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Irish Potato Candy

A sweet Philadelphia St. Patrick’s Day tradition.

Irish potatoes are a uniquely Philadelphia treat for St. Patrick’s Day. Here’s the sweet and creamy coconut Philly Irish potato candy recipe you need, with pro tips for perfect results. 

Philadelphia Irish potato candy recipe

All About Philadelphia’s Sweet Irish Potato Candy

Irish potatoes, coconut buttercream bonbons rolled in cinnamon, are a uniquely Philadelphia candy for St. Patrick’s Day. These little balls of goodness are made by combining sweet coconut, cream cheese, butter, vanilla, and powdered sugar.  The coconut balls are then rolled in cinnamon.

The result? A little buttercream candy that looks like a tiny potato and tastes like pure joy.

Irish potatoes are neither Irish nor potatoes. And yet this sweet, no-bake confection makes one of the Philadelphia area’s most beloved St. Patrick’s Day food traditions. Learn the origin story of St. Patrick’s Day Irish potatoes candy below, and get the recipe.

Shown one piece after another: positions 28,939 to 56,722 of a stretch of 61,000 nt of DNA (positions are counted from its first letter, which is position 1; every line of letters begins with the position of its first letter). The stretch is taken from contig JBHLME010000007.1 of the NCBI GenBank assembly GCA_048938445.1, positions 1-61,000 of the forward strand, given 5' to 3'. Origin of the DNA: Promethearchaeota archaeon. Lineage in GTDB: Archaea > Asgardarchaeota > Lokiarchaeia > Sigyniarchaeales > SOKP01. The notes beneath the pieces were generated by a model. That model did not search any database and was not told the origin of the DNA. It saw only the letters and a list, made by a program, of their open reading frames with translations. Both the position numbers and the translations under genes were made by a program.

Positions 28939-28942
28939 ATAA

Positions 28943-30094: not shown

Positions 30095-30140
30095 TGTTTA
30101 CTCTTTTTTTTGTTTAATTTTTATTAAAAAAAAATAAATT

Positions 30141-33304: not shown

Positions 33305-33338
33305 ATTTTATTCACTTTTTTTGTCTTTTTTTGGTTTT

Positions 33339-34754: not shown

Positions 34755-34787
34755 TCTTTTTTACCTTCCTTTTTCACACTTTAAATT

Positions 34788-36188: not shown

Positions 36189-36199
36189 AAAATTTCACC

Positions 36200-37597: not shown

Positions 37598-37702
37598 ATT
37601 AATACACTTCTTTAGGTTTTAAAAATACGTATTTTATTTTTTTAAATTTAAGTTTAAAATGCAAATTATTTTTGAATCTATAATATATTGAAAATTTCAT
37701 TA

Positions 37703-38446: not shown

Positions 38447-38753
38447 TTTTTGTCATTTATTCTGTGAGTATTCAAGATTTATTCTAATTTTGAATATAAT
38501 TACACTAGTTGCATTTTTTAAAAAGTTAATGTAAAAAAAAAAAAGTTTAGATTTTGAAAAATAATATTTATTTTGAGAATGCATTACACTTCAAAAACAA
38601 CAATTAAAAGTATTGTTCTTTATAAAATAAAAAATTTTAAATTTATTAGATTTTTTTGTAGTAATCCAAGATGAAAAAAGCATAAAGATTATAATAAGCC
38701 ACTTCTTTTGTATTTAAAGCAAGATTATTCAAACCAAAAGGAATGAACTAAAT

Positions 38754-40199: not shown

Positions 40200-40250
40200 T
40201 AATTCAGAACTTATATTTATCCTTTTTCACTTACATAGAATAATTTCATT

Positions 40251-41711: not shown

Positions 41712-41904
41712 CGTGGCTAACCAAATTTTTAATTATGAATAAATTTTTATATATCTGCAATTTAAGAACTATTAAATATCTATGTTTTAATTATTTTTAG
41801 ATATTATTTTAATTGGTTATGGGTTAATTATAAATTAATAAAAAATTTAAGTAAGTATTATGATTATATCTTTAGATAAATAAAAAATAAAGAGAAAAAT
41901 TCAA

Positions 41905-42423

coconut butter cinnamon cream cheese vanilla ingredients

What Are Philadelphia Irish Potatoes? Candy? Potatoes?

At their most basic, Irish potato candy can be described as little coconut cream cheese buttercream balls rolled in cinnamon. The result looks like a little potato just plucked from the earth.

Irish potatoes contain no potatoes. Irish potatoes are not from Ireland.

Is Irish Potato Candy Irish? Not really.

The history of Philadelphia’s Irish potatoes — as opposed to actual Irish potato dishes like shepherd’s pie or colcannon —  is a little complex, murky, and interesting. First thing to know? Irish potato candy is also not authentically Irish.

Food writer Daniela Galarza wrote an excellent, well-researched piece a few years ago on Irish potato candy and its Philadelphia roots. According to Galarza’s research, Irish potatoes are definitively not Irish.

Rather, the sweet coconut cream confections emerged at the intersection of 1) a huge wave of mid- to late-19th century Irish immigration, and 2) Philadelphia’s place as the candy capital of the United States.

Irish potato coconut dough in bowl with cinnamon

Irish potato candy’s origin in Philly was a way to fill the candy hole between Valentine’s Day and Easter.